Geraghty R et al, 2015: Shock wave lithotripsy outcomes for lower pole and non-lower pole stones from a university teaching hospital: Parallel group comparison during the same time period.
Geraghty R, Burr J, Simmonds N, Somani BK.
Department of Urology, University Hospital of Southampton NHS Foundation Trust, Southampton, SO16 6YD, UK.
INTRODUCTION: Shock wave lithotripsy (SWL) is a treatment option for all locations of renal and ureteric stones. We compared the results of SWL for lower pole renal stones with all other non-lower pole renal and ureteric stones during the same time period.
MATERIAL AND METHODS: All SWL procedures were carried out as day case procedures by a mobile lithotripter from January 2012 to August 2013. The follow-up imaging was a combination of KUB X-ray or USS. Following SWL treatment, the stone free rate (SFR) was defined as ≤3 mm fragments.
RESULTS: A total of 148 patients with a mean age of 62 years underwent 201 procedures. Of the 201 procedures, 93 (46%) were for lower pole stones. The non-lower pole stones included upper pole (n = 36), mid pole (n = 40), renal pelvis (n = 10), PUJ (n = 8), mid ureter (n = 3), upper ureter (n = 5) and a combination of upper, middle and/or lower pole (n = 6). The mean stone size for lower pole stones (7.4 mm; range: 4-16 mm) was slightly smaller than non-lower pole stones (8 mm; range: 4-17 mm). The stone fragmentation was successful in 124 (62%) of patients. However, the SFR was statistically significantly better (P = 0.023) for non-lower pole stones 43 (40%) compared to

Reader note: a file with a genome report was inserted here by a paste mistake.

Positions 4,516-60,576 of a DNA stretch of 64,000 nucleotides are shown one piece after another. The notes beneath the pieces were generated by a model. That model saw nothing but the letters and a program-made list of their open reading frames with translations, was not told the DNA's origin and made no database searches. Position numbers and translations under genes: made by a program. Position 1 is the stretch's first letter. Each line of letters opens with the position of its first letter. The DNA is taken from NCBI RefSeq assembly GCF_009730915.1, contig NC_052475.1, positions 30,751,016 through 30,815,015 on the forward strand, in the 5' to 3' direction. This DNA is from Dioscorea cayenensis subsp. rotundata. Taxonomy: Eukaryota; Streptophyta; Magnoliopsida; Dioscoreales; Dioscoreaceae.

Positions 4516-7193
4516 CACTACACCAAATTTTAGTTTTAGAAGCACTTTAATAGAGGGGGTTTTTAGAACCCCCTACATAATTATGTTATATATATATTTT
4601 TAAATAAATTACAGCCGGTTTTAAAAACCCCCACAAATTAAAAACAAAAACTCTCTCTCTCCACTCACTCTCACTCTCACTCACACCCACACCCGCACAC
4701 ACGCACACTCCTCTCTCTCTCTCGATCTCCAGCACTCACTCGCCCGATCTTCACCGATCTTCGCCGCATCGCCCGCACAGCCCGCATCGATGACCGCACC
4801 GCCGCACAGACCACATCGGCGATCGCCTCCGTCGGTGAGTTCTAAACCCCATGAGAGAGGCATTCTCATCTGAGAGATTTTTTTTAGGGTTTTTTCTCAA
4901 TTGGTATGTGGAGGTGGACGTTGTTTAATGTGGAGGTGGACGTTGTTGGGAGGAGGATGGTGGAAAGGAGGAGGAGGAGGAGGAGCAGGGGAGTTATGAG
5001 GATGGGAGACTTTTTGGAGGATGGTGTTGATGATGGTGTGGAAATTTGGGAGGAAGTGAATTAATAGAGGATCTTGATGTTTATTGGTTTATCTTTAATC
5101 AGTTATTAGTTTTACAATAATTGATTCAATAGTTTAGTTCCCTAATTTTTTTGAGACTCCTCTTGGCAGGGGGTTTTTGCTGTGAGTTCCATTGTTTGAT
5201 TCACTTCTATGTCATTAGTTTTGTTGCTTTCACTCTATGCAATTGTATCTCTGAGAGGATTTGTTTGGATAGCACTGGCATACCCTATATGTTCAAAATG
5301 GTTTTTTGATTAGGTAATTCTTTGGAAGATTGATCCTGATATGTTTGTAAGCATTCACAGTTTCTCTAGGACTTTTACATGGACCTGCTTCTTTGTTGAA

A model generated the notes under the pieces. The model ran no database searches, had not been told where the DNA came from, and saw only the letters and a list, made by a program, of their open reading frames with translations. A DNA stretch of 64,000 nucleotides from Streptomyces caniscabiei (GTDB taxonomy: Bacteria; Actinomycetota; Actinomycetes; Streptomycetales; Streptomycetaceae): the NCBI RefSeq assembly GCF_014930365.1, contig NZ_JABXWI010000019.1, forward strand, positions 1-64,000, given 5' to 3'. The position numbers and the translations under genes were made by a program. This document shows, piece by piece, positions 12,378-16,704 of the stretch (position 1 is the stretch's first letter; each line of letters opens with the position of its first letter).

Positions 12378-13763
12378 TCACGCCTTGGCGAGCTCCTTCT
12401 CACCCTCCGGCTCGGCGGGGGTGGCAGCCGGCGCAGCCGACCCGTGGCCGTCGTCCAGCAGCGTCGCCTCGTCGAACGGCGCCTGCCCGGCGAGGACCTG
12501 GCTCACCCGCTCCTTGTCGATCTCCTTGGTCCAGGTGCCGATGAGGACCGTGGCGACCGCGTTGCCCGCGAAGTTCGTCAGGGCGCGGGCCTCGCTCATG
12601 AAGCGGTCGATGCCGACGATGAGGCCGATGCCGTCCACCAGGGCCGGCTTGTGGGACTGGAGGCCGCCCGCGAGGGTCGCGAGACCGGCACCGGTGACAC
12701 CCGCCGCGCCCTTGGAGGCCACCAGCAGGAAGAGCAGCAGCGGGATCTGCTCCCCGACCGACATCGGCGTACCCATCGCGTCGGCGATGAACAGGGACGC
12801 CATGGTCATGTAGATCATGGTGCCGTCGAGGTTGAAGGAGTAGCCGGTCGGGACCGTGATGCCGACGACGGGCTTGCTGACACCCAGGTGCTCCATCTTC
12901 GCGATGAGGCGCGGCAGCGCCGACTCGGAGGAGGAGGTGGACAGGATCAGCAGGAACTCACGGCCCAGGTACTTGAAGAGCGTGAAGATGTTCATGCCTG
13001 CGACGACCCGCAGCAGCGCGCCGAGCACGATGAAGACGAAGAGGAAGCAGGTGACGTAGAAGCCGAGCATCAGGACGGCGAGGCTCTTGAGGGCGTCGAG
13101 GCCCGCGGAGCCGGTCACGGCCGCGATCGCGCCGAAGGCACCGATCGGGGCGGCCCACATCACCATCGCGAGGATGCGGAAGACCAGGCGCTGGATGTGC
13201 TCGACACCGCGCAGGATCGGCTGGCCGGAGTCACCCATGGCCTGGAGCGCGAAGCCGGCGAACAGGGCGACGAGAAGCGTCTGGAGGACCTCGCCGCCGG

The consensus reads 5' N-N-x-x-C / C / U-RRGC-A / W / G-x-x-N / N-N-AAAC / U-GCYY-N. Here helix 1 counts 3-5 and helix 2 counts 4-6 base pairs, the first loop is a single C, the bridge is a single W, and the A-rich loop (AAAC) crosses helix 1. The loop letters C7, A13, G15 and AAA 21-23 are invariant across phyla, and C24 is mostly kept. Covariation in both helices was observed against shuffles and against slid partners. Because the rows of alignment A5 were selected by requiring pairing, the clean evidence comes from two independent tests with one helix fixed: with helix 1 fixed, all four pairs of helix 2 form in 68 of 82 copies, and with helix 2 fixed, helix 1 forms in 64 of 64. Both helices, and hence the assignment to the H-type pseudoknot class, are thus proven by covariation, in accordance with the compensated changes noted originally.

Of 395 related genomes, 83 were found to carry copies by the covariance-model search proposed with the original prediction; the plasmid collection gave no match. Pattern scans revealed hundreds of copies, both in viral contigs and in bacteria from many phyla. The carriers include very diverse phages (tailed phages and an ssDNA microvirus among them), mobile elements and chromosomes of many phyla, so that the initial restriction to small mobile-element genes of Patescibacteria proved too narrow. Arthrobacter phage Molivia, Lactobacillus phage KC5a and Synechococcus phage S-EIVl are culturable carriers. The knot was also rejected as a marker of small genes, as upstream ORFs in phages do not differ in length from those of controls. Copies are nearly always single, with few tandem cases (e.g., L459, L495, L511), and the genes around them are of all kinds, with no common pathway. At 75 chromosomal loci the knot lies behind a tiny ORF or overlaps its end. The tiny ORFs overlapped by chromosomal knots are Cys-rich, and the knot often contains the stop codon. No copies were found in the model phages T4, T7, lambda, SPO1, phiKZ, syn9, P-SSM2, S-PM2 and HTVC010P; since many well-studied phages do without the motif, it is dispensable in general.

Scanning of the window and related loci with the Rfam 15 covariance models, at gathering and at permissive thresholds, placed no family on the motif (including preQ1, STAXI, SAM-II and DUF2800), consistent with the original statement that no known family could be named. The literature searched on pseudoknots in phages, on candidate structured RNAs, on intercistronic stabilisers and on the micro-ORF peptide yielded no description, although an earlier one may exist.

lower pole stones 23 (25%). There were 9 (4%) minor complications and this was not significantly different in the two groups.
CONCLUSIONS: Although SWL achieves a moderately high stone fragmentation rate with a low complication rate, the SFR is variable depending on the location of stone and the definition of SFR, with lower pole stones fairing significantly worse than stones in all other locations.
Urol Ann. 2015 Jan-Mar;7(1):46-8. doi: 10.4103/0974-7796.148601. FREE ARTICLE
This comparative study between patients treated for stones in the lower calyx (LP) and those treated for stones in other positions (NLP) not unexpectedly showed a higher stone-free rate in patients treated for NLP-stones. This result should, however, be considered in view of the fact that also ureteral stones were included in the NLP group. Following disintegration of stones in the ureter all such patients will likely be stone-free.
It is of interest to note that in both groups the disintegration of LP and NLP stones were 61% and 63%, respectively. Despite an almost identical stone disintegration the stone-free rate differed. Anatomical geometry and calyx physiology most certainly have played important roles for fragment clearance, but this result also suggests that some kind of inversion therapy might be beneficial as an auxiliary step after (or during?) SWL.